Chromosomes are threadlike structures made of proteins and nucleic acids. They are found in the nucleus of eukaryotic cells and carry genetic information along their length in the form of genes. In the early 1900s, Walter Sutton and Theodor Boveri argued that the understanding of chromosomes was consistent with Mendelian genetics, and the result of their thinking is called the chromosome theory of heredity. A part of that theory is that Mendelian genes have specific locations (or loci) on chromosomes - a topic under heavy research since that time.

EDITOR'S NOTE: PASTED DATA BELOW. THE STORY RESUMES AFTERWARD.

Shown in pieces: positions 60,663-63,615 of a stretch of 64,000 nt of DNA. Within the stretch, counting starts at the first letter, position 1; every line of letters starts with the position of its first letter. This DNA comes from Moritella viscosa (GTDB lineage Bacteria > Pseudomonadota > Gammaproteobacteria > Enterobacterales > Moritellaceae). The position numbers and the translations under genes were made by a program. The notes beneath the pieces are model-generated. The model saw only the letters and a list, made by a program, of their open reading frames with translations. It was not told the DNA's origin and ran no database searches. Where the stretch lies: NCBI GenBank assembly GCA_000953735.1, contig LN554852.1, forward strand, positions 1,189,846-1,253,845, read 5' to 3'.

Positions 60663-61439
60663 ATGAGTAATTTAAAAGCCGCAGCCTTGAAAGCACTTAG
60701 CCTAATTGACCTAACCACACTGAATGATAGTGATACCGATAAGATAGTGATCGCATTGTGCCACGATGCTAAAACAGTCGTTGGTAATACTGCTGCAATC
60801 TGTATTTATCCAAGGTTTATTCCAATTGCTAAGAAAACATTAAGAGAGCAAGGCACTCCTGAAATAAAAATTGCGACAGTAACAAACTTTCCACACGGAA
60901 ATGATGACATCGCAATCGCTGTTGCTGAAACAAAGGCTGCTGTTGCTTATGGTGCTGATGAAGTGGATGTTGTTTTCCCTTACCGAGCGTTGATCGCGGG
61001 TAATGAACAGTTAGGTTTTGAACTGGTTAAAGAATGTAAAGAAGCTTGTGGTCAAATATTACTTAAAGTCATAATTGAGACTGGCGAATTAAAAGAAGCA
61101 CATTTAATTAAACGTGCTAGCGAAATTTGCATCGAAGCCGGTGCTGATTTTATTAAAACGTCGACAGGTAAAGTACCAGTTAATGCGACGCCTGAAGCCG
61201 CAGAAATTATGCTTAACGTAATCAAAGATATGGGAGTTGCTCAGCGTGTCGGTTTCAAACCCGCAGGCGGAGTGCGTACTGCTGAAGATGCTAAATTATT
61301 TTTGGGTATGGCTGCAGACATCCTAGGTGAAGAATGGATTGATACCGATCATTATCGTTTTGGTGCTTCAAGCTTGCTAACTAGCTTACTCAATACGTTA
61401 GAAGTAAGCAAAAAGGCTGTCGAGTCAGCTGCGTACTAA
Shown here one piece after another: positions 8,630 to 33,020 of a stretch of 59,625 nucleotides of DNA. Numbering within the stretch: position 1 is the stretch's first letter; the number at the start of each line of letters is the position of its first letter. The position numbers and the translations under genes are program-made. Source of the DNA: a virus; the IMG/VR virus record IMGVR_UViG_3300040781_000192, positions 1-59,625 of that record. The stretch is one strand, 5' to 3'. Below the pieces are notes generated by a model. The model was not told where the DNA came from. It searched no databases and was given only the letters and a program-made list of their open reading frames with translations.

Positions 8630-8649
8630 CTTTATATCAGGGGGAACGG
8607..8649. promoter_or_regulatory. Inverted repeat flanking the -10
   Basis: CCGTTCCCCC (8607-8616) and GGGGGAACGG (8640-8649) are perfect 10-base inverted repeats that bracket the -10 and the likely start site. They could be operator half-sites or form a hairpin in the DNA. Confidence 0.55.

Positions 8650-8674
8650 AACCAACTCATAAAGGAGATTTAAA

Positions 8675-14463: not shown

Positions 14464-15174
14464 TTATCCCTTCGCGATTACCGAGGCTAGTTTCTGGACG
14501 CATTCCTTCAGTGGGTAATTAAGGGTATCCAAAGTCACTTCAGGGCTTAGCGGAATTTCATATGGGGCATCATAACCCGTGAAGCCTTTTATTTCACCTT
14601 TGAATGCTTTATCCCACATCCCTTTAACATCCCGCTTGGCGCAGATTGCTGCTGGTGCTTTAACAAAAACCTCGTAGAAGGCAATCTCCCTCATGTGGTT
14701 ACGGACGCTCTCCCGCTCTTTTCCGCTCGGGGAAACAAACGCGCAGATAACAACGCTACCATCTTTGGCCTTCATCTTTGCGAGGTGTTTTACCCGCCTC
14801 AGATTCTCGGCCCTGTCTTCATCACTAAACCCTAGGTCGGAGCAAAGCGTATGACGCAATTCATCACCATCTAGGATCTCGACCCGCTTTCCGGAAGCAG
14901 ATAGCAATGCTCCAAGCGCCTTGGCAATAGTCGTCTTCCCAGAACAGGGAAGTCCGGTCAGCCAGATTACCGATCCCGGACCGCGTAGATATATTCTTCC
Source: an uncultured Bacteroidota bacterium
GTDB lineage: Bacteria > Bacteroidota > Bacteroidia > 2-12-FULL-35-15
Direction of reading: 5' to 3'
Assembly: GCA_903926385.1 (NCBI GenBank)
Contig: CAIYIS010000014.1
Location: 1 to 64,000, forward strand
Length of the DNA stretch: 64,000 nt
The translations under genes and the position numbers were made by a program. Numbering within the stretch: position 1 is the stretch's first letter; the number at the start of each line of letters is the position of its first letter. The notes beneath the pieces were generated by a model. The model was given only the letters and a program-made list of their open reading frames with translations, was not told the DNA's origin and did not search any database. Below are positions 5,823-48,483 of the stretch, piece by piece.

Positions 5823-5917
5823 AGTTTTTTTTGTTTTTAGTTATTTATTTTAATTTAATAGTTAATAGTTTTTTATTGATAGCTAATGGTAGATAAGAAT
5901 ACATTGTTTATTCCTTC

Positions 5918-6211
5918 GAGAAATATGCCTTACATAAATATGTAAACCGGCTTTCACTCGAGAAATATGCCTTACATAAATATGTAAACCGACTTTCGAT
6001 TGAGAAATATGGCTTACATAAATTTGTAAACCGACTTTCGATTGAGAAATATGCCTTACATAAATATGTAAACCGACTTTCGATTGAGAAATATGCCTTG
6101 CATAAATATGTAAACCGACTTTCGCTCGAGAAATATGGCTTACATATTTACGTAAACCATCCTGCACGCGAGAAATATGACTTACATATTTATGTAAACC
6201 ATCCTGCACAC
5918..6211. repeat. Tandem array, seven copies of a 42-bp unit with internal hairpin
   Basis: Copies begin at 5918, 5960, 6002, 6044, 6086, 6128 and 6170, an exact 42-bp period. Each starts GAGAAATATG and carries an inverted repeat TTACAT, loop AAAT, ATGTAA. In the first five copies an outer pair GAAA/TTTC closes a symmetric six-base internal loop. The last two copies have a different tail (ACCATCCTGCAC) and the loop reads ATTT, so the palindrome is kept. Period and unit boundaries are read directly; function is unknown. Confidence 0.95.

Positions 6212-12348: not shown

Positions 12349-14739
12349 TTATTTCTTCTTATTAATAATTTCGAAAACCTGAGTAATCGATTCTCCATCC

Chromosomes differ in overall length and the length of their parts, and they have distinctive banding patterns that allow them to be recognized. Humans have 23 pairs or 46 chromosomes. Of those 23 pairs, one pair is called the sex chromosomes, and the remaining 22 pairs are called autosomes.